by Maria Bungau
One of our favorite producers today, Australian-born, Berlin-based artist Kris Baha fuses an infectious mix of post-punk, wave, EBM, psychedelia, industrial, electronica and more into his unique productions. With standout releases on labels like Pinkman, She Lost Kontrol and his own Power Station, Baha just released Palais, a 12-track multi-faceted 2xLP exploration of his musical sensitivities on Berlin’s Cocktail d’Amore. To mark the release we sat down with the artist to speak about his background, inspiration and of course, the new album. (see below)
The Brvtalist: Palais is your first solo album, being released on Cocktail D’Amore’s label. How did the collaboration start?
Kirs Baha: First off, I want to say thanks for having me on The Brvtalist. The collaboration officially started in 2015 when I first moved to Berlin. The year prior though I tried to book Discodromo for my own weekly party I was running in Melbourne, Australia with my brother Dan & friend Michael Delany called Power Station. Unfortunately, in the end we couldn’t make it happen in 2014 so when I went to my first Cocktail D’Amore party in 2015, I decided to bring along our first Power Station release to Giacomo & Giovanni (Discodromo). To my surprise, they had already been given the master files from somebody and had been playing them out, specifically my track!
A few months later I figured I would make some demos to send G & G and just as I was finishing them off, Giacomo reached out asking for an EP - errie timing that has lead us to now.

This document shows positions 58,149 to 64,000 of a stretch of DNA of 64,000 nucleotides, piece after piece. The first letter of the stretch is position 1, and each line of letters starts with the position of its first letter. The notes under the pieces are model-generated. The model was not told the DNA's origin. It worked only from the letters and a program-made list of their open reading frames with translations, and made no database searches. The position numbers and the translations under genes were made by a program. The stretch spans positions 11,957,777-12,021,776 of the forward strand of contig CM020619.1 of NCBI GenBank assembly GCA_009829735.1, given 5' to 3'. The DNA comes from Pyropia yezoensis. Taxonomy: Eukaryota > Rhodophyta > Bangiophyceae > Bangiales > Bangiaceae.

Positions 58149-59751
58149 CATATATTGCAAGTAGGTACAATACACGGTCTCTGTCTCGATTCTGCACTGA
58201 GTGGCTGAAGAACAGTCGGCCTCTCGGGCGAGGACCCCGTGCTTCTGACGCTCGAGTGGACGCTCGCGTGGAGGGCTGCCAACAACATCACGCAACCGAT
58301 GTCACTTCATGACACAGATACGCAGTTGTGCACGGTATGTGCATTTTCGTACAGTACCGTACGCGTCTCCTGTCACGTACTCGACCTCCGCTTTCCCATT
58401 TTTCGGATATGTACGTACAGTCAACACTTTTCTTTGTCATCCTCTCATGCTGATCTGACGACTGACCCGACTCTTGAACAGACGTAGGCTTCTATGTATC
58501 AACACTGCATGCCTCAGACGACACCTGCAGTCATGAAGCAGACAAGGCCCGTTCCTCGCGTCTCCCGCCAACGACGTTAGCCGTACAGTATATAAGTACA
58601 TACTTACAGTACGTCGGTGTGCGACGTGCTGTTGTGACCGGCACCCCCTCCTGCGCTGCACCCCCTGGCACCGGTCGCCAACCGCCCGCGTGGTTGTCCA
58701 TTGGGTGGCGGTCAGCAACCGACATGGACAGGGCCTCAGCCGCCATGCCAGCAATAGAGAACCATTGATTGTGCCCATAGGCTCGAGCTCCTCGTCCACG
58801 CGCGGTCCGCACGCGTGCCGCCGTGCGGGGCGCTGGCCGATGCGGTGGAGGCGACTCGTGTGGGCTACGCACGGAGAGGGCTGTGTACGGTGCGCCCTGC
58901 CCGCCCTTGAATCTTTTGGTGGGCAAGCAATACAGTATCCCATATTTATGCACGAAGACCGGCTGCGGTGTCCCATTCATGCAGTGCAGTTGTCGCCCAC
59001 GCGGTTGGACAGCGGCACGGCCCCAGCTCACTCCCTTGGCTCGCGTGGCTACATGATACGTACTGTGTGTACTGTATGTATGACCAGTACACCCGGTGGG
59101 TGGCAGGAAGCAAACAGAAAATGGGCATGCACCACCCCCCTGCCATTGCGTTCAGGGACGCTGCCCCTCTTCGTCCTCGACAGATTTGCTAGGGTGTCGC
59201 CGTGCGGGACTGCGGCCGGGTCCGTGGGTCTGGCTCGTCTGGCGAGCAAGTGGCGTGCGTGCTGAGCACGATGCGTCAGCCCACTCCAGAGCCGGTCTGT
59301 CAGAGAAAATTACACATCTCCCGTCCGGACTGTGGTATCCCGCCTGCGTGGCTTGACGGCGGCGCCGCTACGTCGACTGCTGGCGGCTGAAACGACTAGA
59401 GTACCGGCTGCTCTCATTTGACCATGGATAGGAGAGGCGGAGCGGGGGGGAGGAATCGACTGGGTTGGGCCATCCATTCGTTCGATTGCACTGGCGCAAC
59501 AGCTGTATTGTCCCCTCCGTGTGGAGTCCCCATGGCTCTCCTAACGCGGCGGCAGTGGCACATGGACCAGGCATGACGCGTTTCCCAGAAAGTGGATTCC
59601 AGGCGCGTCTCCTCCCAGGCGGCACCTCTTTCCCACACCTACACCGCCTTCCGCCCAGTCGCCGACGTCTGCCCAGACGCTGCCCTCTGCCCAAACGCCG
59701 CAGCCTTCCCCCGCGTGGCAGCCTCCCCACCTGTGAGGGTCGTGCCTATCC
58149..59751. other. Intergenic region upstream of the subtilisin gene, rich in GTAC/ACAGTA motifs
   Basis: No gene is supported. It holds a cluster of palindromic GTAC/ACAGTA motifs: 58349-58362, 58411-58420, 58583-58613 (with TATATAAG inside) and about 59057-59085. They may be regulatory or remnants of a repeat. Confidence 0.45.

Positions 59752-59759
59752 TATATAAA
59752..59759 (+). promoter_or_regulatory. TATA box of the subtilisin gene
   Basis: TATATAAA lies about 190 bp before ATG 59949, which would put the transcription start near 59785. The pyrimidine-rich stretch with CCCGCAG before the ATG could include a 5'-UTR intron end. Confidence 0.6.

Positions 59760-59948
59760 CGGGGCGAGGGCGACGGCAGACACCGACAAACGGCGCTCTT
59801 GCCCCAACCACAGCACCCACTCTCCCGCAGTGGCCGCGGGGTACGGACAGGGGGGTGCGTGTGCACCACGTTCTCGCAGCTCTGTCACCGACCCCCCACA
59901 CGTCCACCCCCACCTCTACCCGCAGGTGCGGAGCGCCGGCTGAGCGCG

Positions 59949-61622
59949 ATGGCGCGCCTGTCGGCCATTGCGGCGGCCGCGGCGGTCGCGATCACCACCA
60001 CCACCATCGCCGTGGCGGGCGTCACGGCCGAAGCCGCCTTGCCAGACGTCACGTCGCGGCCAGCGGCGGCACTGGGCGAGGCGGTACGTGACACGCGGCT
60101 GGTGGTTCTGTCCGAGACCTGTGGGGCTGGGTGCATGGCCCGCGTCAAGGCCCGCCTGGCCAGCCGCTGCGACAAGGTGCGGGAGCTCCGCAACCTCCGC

TB: All songs are written between 2015 and 2018 in Berlin. In what way would you say that living and working in Berlin influenced this album?
KB: Well it was written during the time I was transitioning from my old life in Australia to my new one in Berlin. A bit of a cliché for every DJ in Berlin, but it’s true! I think it took a while because I was figuring a lot of things out for myself, about myself and I wanted to document that. Thus, the final form of Palais, which is now a fading past of myself. My next solo LP wont take as long but there were a few things I really needed to figure out to include on the LP before making such a statement.
TB: Where do you go out in Berlin to have a drink or enjoy a show?
KB: The short answer is, generally I am not out and about so much in Berlin just because I really relish the time off when I am not out of town playing shows on weekends. When I do go out though it’s to see friends play or catch up for dinner. You may see me in the wild here at Sameheads, Urban Spree or Greissmuehle.
The long and slightly skewed answer is, I find that by having weekends where I am not playing and being in my studio centers myself and counters and the shitty side effects of traveling, given it's usually for short bursts of time and can sometimes lead me back home within 24 hours or less along with the travel obstacles that go with it (stories for another time). The process of creating music is therapeutical for me and really important to my well being.
TB: The track ‘Defied’ is “a year 2042 cyber punk hit” as described in the press release. How do you imagine the year 2042 to look and sound like?